Cleaner working illegally in Sweden seized at PM's home

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Cleaner working illegally in Sweden seized at PM's home

Swedish Prime Minister Magdalena Andersson on Saturday night claimed to have been deceived by "a dodgy operator", after a cleaning lady was seized for working illegally during a police visit to her home.


"Even those of us who want to do the right thing can fall foul of dodgy operators," Andersson told the Expressen newspaper on Saturday after it reported on the arrest, which took place just before Christmas after one of the cleaners accidentally set off a security alarm. 

Andersson said that the owner of the cleaning firm had assured her on multiple occasions that all of his employees were working legally under salaries and conditions set by a union collective bargaining agreement. 

"I have now cut all contacts with the cleaning firm. They have on several occasions answered in the affirmative when asked if they had signed up to a collective bargaining agreement with the unions," she said. "I now expect the responsible agencies to get to the bottom of what happened."


The opposition Moderate Party, who has named the emerging scandal Städgate or "cleaner-gate", argued on Saturday that the situation raised serious questions about Andersson's security arrangements. 

The party's parliamentary group leader Tobias Billström told Expressen it was “serious and worrying that the country’s prime minister could end up in such a situation”. 

"The main question now is whether this a one-off event or whether there other similar examples," he said.

There was a real risk, he added, that immigrants without valid documents working for senior politicians could be blackmailed by hostile foreign powers.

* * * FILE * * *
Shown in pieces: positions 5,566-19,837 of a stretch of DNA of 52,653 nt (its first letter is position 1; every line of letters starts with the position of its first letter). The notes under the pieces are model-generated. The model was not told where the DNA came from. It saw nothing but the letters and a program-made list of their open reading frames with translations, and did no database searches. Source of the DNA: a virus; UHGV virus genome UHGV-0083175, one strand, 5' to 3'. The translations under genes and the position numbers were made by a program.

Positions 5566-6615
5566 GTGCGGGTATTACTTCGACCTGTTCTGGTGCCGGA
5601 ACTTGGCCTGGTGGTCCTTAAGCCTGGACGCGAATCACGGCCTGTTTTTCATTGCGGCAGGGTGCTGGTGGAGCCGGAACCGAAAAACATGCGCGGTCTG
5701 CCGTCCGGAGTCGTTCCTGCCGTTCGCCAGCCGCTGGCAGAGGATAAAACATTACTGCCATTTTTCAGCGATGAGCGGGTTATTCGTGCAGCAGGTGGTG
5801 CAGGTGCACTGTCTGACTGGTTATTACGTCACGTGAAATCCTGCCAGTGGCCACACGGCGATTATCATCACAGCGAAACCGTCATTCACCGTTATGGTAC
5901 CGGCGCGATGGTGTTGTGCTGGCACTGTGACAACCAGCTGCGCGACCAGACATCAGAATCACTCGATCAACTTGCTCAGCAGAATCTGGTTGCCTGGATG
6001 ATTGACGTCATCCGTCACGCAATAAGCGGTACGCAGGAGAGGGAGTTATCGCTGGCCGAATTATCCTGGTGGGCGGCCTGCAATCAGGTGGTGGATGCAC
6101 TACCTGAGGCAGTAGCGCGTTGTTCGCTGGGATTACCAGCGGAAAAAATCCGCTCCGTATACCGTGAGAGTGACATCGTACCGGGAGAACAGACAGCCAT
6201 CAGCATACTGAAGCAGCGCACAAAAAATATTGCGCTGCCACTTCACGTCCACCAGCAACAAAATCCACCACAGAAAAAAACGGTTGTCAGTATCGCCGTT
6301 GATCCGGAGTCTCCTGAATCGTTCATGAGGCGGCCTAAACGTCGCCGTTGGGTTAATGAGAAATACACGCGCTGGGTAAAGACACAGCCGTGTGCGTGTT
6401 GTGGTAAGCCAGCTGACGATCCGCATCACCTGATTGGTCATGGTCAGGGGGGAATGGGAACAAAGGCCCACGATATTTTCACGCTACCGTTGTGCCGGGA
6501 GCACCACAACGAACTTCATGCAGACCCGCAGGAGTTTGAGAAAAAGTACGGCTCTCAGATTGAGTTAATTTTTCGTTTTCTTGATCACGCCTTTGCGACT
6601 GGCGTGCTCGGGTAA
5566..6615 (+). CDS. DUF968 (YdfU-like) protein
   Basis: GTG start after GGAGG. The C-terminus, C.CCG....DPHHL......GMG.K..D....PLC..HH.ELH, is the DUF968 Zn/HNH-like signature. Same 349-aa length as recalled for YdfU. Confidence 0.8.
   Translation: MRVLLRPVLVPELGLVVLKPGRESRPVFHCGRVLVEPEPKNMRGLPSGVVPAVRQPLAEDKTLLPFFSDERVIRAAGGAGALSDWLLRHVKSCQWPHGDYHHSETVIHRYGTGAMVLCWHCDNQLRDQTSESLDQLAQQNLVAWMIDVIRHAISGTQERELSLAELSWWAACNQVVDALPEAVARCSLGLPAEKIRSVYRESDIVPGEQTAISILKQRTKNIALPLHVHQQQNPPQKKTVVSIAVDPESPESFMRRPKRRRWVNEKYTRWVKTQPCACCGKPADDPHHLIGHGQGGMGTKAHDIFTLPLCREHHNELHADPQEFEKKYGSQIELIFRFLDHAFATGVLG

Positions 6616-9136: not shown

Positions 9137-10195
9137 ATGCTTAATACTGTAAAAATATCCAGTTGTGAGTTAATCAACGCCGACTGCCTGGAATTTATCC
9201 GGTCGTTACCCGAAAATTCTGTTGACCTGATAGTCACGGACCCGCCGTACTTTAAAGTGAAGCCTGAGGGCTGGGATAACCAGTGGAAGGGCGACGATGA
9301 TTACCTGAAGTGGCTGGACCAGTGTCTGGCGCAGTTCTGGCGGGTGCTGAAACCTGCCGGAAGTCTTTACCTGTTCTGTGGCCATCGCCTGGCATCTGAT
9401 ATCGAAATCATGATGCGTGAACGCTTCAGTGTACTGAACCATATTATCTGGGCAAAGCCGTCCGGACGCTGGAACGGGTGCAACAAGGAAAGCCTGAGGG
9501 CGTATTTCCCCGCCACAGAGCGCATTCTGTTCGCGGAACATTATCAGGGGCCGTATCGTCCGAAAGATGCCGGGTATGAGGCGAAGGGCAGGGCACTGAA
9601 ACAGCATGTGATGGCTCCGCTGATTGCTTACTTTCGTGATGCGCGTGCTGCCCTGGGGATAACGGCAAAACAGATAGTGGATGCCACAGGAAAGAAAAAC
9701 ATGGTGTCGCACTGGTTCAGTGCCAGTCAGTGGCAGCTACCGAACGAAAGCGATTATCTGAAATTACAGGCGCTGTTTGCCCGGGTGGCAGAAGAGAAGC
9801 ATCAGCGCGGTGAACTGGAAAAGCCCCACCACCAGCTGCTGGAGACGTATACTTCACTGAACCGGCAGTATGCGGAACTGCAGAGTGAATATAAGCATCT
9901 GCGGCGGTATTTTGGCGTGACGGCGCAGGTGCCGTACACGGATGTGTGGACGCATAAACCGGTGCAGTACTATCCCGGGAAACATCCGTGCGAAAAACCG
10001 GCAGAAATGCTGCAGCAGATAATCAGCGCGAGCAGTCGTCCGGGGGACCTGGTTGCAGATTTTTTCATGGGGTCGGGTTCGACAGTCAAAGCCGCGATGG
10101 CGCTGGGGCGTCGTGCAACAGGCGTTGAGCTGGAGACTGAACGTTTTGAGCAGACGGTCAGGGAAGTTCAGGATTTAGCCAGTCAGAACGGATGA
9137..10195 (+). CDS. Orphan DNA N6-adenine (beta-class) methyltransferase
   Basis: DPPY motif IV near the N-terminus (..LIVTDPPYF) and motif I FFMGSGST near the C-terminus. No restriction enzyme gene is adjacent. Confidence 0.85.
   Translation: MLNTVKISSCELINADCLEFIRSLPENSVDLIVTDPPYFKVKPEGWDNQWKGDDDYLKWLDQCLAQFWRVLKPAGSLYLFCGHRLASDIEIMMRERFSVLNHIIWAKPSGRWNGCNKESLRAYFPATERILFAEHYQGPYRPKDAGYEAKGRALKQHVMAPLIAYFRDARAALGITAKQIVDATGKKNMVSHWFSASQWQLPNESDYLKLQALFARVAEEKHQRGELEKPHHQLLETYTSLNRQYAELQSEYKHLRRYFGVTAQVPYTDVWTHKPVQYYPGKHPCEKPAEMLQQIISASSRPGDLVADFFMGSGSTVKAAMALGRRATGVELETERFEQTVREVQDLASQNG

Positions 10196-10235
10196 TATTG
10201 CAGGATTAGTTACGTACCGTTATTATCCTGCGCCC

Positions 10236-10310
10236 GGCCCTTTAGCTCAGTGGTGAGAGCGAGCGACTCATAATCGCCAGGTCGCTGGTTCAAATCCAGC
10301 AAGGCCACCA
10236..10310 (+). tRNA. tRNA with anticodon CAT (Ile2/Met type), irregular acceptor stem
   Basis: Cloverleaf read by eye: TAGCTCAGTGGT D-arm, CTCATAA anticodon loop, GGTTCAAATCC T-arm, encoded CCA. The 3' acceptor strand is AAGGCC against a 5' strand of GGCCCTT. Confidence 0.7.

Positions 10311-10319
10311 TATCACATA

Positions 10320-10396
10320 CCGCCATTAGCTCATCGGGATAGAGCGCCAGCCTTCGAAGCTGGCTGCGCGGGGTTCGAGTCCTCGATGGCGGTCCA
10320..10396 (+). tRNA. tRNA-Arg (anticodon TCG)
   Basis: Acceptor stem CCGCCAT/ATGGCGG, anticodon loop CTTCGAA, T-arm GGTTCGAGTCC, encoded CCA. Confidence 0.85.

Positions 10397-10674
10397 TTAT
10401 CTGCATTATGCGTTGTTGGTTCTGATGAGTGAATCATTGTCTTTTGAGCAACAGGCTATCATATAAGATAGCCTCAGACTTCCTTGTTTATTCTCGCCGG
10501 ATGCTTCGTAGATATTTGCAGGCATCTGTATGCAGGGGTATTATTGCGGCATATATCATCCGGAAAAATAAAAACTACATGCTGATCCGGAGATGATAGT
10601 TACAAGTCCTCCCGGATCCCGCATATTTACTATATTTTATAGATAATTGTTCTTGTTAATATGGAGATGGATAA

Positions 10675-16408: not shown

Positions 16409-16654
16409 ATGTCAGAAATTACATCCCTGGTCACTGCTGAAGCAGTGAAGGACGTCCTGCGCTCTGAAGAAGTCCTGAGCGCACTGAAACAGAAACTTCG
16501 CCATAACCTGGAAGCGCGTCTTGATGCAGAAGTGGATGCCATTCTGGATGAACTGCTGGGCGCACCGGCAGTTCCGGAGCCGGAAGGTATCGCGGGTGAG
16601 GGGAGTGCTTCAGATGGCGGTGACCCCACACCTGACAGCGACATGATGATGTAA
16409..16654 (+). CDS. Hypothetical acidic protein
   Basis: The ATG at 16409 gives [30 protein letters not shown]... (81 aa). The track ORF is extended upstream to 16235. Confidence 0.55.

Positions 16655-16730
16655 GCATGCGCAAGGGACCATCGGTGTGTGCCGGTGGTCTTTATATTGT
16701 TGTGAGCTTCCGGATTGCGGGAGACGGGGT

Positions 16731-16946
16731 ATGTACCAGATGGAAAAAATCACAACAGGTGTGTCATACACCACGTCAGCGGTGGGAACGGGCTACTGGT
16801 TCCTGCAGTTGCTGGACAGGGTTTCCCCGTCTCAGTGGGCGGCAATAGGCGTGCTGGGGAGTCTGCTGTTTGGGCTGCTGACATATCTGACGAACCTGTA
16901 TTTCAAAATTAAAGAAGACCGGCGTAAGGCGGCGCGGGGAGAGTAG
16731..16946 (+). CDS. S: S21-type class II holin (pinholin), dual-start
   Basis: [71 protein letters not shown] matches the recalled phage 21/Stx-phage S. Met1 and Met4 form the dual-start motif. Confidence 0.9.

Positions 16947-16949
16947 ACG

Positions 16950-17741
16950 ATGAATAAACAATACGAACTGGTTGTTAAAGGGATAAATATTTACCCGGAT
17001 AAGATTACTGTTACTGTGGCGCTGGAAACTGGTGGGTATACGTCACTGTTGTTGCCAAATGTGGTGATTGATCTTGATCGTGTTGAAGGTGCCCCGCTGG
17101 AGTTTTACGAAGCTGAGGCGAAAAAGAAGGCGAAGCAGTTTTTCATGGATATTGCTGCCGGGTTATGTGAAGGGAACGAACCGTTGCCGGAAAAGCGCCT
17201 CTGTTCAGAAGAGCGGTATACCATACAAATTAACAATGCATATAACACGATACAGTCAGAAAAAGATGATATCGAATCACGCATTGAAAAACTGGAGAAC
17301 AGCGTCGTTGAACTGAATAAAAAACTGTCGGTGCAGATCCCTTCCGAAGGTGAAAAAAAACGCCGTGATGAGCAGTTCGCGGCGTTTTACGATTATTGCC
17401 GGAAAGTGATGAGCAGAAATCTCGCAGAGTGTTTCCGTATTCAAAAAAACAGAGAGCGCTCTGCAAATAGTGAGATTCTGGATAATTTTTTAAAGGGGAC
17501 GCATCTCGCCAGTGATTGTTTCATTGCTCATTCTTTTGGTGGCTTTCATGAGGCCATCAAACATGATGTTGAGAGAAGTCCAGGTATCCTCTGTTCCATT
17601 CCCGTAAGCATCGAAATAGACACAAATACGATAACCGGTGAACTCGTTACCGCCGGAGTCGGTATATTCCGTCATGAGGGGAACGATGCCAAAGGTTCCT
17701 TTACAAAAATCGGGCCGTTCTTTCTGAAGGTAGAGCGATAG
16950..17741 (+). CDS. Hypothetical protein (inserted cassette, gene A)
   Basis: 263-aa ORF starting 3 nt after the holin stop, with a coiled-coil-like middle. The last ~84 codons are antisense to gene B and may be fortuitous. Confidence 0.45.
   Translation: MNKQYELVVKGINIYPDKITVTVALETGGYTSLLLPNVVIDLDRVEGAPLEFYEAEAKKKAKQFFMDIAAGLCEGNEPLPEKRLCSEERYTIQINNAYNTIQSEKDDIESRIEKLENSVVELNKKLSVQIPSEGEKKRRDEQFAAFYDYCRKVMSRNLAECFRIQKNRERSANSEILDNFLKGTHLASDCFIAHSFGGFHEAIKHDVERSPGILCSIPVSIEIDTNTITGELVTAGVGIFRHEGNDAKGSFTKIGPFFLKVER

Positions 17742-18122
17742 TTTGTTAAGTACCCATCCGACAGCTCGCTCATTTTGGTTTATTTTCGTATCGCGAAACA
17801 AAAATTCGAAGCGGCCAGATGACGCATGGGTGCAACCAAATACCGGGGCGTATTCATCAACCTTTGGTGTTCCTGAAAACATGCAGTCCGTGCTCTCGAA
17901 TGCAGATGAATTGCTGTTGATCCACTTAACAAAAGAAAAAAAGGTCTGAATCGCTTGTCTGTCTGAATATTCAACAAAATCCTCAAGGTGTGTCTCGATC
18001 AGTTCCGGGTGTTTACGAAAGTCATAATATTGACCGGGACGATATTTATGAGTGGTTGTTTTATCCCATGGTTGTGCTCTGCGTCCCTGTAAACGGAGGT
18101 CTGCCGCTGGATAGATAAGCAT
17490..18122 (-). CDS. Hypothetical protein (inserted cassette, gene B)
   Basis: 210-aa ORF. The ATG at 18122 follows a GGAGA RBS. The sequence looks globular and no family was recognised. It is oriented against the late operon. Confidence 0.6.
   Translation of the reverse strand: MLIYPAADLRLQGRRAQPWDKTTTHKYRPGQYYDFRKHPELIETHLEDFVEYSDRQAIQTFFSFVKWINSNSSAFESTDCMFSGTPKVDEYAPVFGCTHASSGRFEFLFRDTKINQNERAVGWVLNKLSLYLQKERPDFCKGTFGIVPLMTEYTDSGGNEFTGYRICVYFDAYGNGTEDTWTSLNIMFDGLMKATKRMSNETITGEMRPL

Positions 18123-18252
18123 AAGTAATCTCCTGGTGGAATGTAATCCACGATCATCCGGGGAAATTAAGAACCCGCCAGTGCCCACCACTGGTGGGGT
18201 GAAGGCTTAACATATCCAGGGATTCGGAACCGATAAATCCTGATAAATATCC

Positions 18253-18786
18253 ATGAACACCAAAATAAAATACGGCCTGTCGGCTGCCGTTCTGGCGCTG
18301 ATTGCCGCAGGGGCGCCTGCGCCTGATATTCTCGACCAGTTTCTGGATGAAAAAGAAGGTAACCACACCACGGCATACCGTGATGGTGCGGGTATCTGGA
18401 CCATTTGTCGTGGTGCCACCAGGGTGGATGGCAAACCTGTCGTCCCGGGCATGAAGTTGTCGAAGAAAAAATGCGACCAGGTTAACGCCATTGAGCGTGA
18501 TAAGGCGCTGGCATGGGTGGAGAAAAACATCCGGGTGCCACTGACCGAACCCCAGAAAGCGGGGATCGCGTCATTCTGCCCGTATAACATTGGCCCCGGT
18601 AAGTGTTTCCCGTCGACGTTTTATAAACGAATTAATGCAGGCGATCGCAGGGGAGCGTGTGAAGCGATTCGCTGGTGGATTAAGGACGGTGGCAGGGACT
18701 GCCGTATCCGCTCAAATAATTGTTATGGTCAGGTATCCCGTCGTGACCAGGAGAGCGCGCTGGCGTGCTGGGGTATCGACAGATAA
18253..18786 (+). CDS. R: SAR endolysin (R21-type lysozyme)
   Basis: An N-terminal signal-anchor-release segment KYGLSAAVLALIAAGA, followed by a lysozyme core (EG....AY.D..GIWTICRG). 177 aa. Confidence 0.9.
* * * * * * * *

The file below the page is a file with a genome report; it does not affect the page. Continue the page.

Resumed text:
In the UK, he wrote out on Twitter, an immigration minister found to have used an immigrant cleaner who was in the country illegally was forced to resign. 

On December 21st, police came to the house in Nacka, outside Stockholm, where Andersson has lived with her family since 2011, after one of the two cleaning ladies working at the house had accidentally set off an alarm.

They discovered that one of the two cleaners working that day, a 25-year-old woman from Nicaragua, not only lacked both a residency permit and a work permit, but that border police were searching for her so that she could be deported.

"We checked one person and it turned out that person had received a deportation order, after which we handed that person over to the Migration Agency," Tommy Kalenius, who leads the police in Nacka, told Expressen.

Since taking over as Prime Minister at the start of December, Andersson has moved to Sweden's official prime minister's residence at Sagerska huset opposite the Royal Palace in Stockholm, and she had already moved out by the time of the police visit. 


The cleaning woman admitted to police that she had been working illegally after receiving a deportation order in the spring of 2020. The woman was also found guilty of stealing goods from the Åhléns department store in Stockholm in the autumn of 2020, but was not jailed as it was a first offence. 

The head of the cleaning company said that the woman had been supplied by one of the two other cleaning companies to whom he sometimes subcontracts work. He told Expressen that his company had never had a collective bargaining agreement with a union. 

In 2010, the company's owner was found guilty of sending fake invoices and inventing front companies to lower his tax bill, for which he was fined 600,000 kronor and given a one-year prison sentence.

He managed to win his case at appeal, however, arguing that the suspect invoices were real and had been sent to a woman called "Svetlana", whose surname he had forgotten.

Andersson has made clamping down on Sweden's black economy one of the major focuses of her leadership, saying it is up to each individual to check that everyone they buy goods and services from is legitimate. 

In her comment to Expressen, she said that the episode only served to underline her point.

"Like many other Swedes, I am careful to make sure that everything is right and proper when I buy in services," she wrote.

"But that even those of us who want to do the right thing can fall foul of dodgy operators shows that we need to carry on pushing through even more political measures to fight the various forms of cheating." 


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